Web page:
Buffalo, NY - The death of actor Phillip Seymour Hoffman from a suspected drug overdose is expected to raise awareness to the dangers of heroin.
Here in Erie County, officials are also sounding the alarm, about a more potent form of the drug.
So too, are the parents of a recent overdose victim, who spoke with WGRZ-TV.
The number of Erie County residents who died in 2013 as a result of a heroin overdose showed a significant increase from 2012 to 2013, according to the Erie County Health Department.
"Heroin overdoses, as well as overdoses from opioids such as hydrocodone, continue to plague our community," said Dr. Gale Burstein, Erie County Commissioner of Health. "In addition, we are also encountering instances where the heroin has most likely been cut with fentanyl, a drug that can be anywhere from 10 to 100 times more potent than morphine."
Burstein says fentanyl, a narcotic commonly associated with anesthesia, is almost always fatal when mixed with Heroin.
Health officials across the U.S are seeing the number of deaths associated with such drug use spike dramatically in recent weeks and months.
There were four suspected cases in Erie County during a weeklong span in late January, while there were 22 others in the county surrounding Pittsburgh in Western Pennsylvania during roughly the same period.
"We're seeing a lot of this on the street, and we're seeing a lot of drug overdoses from this heroin with Fentanyl ," Burstein said.
"If you have some relative or some family member that's using heroin you may not see them at the end of the day now, specifically with what they're cutting the heroin with," said AlanRozansky, who heads up the Erie County Sheriff's Narcotics Bureau, and who refers to the drugs as "poison". "Anytime you inject something into your veins that causes instant death, I'd call that poison, yes," Rozansky said.
The parents of one recent victim of what is suspected to be a death attributable to a heroin/fentanyl mixture in a Buffalo suburb, are speaking out in hopes of alerting other parents.
"You can never prepare for it and I don't know how to deal with it to tell you the truth," said the mother of the victim, a 23-year-old male, who along with her husband wished not to be identified.
They wanted people to know that the perils of drug abuse cuts through all paths of life, no matter the gender, or socio-economic conditions of those involved.
Their son grew up in what they describe as a typical, middle class home, with a sibling and two working parents.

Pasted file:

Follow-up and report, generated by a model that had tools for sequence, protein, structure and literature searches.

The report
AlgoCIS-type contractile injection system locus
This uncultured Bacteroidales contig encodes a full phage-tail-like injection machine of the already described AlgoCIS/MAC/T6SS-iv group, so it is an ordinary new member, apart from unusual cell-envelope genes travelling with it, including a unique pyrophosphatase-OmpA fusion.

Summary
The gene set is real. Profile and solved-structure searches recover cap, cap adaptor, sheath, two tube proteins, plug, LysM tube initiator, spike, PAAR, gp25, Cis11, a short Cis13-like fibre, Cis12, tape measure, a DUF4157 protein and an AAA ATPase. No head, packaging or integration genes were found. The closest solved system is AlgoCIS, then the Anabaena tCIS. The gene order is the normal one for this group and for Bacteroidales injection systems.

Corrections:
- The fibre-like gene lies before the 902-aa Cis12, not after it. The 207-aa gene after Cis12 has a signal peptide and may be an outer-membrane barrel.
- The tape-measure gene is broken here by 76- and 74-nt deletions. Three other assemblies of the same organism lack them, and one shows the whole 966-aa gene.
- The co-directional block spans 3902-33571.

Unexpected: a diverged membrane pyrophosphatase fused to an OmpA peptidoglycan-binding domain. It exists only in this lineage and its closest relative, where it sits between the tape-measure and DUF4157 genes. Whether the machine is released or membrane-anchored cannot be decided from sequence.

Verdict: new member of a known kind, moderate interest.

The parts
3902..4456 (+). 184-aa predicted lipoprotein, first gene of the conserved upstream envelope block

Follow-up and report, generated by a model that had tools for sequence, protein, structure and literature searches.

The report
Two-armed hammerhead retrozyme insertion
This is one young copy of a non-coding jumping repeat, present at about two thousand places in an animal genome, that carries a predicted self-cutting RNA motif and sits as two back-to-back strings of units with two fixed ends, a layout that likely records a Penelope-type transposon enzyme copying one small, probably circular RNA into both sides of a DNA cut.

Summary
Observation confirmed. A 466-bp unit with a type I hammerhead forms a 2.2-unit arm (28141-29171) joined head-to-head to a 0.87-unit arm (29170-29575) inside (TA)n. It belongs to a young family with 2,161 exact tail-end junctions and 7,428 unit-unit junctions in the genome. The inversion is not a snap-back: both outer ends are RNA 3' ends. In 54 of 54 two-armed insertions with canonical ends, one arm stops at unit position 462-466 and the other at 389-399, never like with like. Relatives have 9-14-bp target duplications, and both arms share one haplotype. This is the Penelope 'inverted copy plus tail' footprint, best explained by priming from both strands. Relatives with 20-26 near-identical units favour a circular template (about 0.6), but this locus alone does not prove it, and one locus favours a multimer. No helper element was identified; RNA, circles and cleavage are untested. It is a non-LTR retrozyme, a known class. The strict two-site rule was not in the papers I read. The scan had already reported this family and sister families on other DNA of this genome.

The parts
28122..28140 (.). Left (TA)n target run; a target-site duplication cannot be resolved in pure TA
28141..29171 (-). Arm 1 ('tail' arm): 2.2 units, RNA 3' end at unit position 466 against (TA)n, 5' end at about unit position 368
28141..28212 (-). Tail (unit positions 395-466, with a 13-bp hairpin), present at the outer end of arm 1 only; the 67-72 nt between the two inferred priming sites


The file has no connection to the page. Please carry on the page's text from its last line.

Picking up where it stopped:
"He had a lot of people who support him and who believed in him," said his father.
They also say their son had hopes and dreams much the same as any other young person.
"He wanted to get married and have children," said his mother. "He wanted to have a job and a good life."
Their son's dreams began derailing when he began using drugs at age 17.
"He made one bad choice…one bad choice," his mother said.
As parents, they tried to help their son with his problem.
"You throw money at it, you throw love at it…. you throw tough love at it," said his father, who said his son tried to beat his addiction by going to re-hab.
"He didn't like being an addict…he hated everything about it," his mother said. "It was just something more powerful than him."
"So many people think, it's always going to be the other guy," said his father. "But we're here to say to others that you can't be afraid…you need to get your head out of the sand….this involves all types of kids, and we're losing an entire generation of our society of young kids to this.
"This is something that should not happen to anyone, said his mother. "We don't want this to happen to anyone else…and we don't want our son's death to be for nothing," she said.
Their first move to that extent was to ask people attending their son's funeral that, in lieu of flowers, they make donations in his name to the Kids Escaping Drugs campaign.
"We need to start by raising awareness to this….that's why we're speaking today," the father said.
Click on the video player to watch our story from 2 On Your Side Reporter Dave McKinley and Photojournalist Charles Moore. Follow Dave on Twitter: @DaveMcKinley2